This week in the garden



This week in the garden we are harvesting our apples. It is an ongoing harvest as we have several different varieties in our orchard and depending on your variety they may be ready between September and even early November! We have found that our apples have ripened a little later this year, and our crop has been far reduced.

This could be due to the weather this summer, a later blossom often indicates a later crop, or the fact that apple trees do not produce fruit every year. Disappointingly our most deliciously sweet and vibrantly green eating apples haven’t produced fruit at all which seems to be case for many apple growers around the country this year.


Storing apples

1. Check apples for storage are in good condition – they should be firm and unblemished if they are to store well.

2. Crates or apple racks are the best way of storing apples. Each apple can be wrapped individually in a single sheet of old newspaper, and the apples slightly apart from each other so that should one turn mouldy or rot it doesn’t spread to the neighbouring apples.

3. Apples need to be stored in a cool room if they are to last and should be checked on every so often to catch any turning fruit before it spreads to any others.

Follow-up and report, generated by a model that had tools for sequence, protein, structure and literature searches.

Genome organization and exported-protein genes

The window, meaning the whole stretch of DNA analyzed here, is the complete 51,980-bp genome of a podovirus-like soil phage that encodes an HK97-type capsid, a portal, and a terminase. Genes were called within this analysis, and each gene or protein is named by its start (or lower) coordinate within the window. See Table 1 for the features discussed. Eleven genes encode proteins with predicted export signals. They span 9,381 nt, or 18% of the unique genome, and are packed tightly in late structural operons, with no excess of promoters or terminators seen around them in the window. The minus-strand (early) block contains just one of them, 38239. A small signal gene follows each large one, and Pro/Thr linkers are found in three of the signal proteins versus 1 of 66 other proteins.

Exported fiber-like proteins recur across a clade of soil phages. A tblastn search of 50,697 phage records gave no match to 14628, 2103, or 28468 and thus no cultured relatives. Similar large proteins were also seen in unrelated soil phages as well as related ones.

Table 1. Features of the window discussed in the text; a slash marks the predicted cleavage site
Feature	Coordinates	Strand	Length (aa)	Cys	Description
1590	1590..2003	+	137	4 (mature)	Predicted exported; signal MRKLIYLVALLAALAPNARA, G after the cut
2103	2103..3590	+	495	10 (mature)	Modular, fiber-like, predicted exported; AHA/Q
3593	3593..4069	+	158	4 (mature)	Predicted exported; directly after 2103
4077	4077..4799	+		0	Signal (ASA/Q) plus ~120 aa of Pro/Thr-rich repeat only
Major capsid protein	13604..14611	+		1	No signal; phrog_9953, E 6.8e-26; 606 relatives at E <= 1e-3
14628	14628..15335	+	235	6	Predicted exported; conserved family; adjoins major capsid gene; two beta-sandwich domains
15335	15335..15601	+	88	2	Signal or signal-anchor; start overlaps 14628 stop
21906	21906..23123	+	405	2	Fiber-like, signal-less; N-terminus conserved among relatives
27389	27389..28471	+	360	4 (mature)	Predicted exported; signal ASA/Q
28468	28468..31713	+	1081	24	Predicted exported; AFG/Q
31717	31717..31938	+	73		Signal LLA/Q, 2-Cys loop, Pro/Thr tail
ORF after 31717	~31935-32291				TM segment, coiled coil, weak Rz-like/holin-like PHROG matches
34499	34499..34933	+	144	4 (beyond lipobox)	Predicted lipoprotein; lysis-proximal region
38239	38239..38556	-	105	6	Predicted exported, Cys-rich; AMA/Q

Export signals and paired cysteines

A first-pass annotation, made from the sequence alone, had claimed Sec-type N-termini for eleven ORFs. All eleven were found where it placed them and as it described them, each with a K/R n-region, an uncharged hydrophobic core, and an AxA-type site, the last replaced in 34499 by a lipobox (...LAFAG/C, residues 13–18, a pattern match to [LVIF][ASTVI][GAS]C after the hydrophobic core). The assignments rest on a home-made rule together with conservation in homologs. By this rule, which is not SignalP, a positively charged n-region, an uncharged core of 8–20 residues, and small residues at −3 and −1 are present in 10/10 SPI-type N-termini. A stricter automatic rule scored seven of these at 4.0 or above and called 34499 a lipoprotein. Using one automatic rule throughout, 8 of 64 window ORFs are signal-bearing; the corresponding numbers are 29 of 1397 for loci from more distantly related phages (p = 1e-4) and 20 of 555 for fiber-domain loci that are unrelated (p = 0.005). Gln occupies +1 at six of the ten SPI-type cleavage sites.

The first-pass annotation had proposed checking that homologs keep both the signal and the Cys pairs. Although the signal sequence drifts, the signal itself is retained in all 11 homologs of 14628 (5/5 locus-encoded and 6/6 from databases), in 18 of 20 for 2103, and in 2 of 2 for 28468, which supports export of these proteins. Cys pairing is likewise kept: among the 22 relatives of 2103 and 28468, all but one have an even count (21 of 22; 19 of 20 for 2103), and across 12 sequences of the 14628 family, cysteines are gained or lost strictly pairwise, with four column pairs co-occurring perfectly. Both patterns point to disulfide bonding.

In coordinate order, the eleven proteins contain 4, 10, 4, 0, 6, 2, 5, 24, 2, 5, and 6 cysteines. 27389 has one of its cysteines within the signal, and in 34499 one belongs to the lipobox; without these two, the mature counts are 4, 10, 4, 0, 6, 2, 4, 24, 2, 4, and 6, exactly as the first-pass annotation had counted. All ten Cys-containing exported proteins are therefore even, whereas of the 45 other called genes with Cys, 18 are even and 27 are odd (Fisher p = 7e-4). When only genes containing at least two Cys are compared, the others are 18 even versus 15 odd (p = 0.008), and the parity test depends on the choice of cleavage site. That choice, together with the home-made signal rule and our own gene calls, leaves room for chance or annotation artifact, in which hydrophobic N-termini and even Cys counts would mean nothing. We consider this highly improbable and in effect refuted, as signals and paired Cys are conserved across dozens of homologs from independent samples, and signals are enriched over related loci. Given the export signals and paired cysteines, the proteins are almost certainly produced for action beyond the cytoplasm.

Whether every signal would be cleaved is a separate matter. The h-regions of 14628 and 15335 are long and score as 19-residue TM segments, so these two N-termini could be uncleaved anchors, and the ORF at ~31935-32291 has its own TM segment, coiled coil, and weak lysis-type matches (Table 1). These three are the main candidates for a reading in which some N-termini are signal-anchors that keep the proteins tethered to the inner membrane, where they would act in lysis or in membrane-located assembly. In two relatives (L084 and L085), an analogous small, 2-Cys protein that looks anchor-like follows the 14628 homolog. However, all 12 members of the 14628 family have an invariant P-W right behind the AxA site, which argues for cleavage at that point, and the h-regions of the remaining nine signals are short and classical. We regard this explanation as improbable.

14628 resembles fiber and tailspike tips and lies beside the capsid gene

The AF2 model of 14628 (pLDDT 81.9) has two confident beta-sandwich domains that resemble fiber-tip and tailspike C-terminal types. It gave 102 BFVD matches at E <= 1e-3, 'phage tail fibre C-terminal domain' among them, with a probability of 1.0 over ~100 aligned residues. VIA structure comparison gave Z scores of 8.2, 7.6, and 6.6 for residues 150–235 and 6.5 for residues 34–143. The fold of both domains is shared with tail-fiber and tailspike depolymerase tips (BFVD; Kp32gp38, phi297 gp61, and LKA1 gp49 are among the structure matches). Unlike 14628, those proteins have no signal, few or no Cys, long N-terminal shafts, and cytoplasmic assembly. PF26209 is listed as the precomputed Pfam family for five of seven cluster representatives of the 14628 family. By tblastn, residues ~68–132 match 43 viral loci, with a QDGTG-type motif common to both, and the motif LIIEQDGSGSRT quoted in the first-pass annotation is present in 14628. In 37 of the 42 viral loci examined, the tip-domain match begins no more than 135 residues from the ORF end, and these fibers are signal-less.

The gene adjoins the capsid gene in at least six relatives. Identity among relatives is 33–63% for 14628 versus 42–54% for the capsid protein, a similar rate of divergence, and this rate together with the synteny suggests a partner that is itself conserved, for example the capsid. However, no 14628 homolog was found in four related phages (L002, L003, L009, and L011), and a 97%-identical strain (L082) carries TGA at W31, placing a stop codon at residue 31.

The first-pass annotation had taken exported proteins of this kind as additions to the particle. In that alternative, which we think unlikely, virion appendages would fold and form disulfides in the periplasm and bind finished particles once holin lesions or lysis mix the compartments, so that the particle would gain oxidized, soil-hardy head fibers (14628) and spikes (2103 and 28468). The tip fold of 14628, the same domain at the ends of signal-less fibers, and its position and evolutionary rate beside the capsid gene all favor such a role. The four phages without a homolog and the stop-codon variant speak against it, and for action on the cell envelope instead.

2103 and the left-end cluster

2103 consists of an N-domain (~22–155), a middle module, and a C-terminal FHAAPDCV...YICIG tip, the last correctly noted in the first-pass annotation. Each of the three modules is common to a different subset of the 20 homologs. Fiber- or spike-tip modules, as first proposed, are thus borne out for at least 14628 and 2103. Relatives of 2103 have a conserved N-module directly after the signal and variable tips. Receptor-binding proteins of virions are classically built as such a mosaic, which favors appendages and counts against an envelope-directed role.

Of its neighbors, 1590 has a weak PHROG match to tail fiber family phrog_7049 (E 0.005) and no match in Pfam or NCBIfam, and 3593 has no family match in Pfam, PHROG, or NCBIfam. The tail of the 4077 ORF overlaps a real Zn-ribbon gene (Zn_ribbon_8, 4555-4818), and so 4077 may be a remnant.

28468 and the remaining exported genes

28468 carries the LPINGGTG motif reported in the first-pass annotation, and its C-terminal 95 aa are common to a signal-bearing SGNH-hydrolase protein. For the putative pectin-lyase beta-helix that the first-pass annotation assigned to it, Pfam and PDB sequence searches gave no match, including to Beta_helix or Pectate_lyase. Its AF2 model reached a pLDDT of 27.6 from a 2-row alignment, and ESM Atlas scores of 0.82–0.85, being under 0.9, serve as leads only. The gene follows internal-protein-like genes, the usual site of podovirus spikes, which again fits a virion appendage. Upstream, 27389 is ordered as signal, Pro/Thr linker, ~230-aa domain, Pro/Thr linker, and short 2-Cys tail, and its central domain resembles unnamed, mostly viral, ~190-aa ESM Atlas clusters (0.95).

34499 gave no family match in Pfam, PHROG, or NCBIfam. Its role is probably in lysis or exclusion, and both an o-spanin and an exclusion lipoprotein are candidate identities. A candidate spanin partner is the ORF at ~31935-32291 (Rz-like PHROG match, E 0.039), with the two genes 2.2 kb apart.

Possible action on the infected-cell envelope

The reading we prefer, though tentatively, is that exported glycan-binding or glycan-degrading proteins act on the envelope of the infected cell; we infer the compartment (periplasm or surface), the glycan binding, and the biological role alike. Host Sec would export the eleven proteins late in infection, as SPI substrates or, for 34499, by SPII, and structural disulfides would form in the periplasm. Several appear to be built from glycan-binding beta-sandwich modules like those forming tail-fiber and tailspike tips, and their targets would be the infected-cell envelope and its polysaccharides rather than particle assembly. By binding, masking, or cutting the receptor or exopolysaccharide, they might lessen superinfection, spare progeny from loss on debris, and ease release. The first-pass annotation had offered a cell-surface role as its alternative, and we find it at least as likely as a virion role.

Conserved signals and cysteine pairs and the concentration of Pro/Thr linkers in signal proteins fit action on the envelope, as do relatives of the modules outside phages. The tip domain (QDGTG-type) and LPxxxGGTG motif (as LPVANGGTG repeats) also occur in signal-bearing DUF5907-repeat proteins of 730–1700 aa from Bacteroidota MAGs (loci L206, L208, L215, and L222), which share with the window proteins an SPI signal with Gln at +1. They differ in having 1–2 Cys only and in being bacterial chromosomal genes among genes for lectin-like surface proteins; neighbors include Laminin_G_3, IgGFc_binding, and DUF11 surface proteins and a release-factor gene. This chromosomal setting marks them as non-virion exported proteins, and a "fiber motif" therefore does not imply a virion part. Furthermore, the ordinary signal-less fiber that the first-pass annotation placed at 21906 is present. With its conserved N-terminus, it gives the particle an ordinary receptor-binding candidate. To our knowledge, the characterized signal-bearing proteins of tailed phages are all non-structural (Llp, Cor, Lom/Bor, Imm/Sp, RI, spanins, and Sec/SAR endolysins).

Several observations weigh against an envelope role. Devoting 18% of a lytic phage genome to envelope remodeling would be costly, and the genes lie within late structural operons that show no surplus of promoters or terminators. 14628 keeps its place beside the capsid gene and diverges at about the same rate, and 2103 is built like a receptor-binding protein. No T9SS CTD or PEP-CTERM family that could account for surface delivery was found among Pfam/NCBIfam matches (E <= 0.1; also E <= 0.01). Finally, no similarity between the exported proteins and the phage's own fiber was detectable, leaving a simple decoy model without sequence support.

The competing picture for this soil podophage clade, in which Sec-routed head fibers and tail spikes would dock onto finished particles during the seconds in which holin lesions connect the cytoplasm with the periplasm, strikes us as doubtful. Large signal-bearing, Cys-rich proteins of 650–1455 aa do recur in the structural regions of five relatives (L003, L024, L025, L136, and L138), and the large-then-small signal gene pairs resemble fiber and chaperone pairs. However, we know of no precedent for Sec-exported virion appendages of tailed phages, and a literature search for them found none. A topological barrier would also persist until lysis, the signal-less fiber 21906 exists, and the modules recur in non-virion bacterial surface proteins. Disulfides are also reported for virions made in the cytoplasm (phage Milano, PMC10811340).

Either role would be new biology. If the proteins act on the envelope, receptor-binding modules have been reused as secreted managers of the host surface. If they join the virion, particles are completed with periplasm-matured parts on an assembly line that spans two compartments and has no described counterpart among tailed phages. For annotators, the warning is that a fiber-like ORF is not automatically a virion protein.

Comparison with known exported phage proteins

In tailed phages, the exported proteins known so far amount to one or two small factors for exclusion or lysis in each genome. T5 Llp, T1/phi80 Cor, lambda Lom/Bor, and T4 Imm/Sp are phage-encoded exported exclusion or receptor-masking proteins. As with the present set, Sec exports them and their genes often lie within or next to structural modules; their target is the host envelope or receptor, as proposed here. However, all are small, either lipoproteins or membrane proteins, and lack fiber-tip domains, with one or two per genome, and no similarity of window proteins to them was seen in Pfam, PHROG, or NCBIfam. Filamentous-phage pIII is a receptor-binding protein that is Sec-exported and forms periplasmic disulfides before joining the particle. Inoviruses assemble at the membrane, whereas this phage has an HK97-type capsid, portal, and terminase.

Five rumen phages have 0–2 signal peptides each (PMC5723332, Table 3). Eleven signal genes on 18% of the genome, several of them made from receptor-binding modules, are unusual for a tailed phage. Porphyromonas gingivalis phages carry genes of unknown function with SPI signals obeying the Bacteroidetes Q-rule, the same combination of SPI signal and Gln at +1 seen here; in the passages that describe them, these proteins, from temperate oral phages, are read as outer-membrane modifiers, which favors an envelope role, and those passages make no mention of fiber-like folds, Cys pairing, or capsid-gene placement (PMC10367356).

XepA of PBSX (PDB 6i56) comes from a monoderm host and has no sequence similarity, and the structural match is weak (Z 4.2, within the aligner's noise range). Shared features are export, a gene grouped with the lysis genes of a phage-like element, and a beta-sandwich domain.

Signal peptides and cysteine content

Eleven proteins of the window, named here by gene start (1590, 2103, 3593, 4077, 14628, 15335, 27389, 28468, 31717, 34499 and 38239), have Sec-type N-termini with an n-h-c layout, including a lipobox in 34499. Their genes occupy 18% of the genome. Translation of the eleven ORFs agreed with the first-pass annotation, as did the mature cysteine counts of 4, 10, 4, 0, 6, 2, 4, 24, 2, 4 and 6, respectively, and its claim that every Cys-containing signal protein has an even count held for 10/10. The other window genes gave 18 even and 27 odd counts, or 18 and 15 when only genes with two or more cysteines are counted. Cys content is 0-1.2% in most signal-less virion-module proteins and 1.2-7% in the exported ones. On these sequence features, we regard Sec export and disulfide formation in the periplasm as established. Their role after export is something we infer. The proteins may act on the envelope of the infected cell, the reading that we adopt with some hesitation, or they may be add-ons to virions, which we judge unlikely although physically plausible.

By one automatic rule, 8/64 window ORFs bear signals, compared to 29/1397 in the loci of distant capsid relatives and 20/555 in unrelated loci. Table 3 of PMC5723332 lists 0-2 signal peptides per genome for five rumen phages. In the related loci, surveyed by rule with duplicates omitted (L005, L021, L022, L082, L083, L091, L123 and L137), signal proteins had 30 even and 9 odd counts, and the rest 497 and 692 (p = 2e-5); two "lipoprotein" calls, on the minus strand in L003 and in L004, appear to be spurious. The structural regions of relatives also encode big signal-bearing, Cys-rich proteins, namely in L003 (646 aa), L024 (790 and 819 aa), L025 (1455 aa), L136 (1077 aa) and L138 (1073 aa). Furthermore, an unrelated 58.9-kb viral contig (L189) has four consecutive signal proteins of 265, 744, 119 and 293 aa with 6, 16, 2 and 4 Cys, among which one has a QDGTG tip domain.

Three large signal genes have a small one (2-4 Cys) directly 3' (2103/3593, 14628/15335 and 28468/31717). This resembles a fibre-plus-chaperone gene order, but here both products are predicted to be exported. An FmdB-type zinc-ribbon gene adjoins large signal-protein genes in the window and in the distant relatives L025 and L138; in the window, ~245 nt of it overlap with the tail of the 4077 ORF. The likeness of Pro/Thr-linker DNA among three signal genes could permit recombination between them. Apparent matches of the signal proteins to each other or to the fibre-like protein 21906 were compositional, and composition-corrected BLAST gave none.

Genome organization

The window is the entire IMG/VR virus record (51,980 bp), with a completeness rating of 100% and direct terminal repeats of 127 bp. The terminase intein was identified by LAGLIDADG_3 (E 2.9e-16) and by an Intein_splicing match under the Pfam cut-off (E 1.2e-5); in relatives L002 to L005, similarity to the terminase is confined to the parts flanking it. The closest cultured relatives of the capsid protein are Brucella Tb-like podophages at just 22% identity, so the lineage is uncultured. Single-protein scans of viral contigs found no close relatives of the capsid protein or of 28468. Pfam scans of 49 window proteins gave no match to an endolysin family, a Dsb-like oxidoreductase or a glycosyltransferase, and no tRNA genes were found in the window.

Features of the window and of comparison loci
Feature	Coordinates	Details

Spring bulbs

If nothing else this week, choosing and buying which plants you want to be surrounding you in spring is a very good start. Each spring in my own garden I have an abundance of hyacinth which grown beautifully and smell heavenly. I have your standard daffodils, but some absolutely stunning narcissi varieties that have a very strong scent and are terribly pretty. We will be growing Amaryllis and tulips next year too!


your beds

Now is a good time to pull out or dead head all the overgrown summer plants such as sweetpeas, lillies, and gladioli. I will be weeding the beds once cleared of this summers stems, and will return to them every two weeks to try and stay on top of the weed growth.
It is so worth freeing up a bit of time to do these tasks- I will be asking Al to help me – many hands… because the better we prepare and maintain our production beds now the easier next springs planting will be.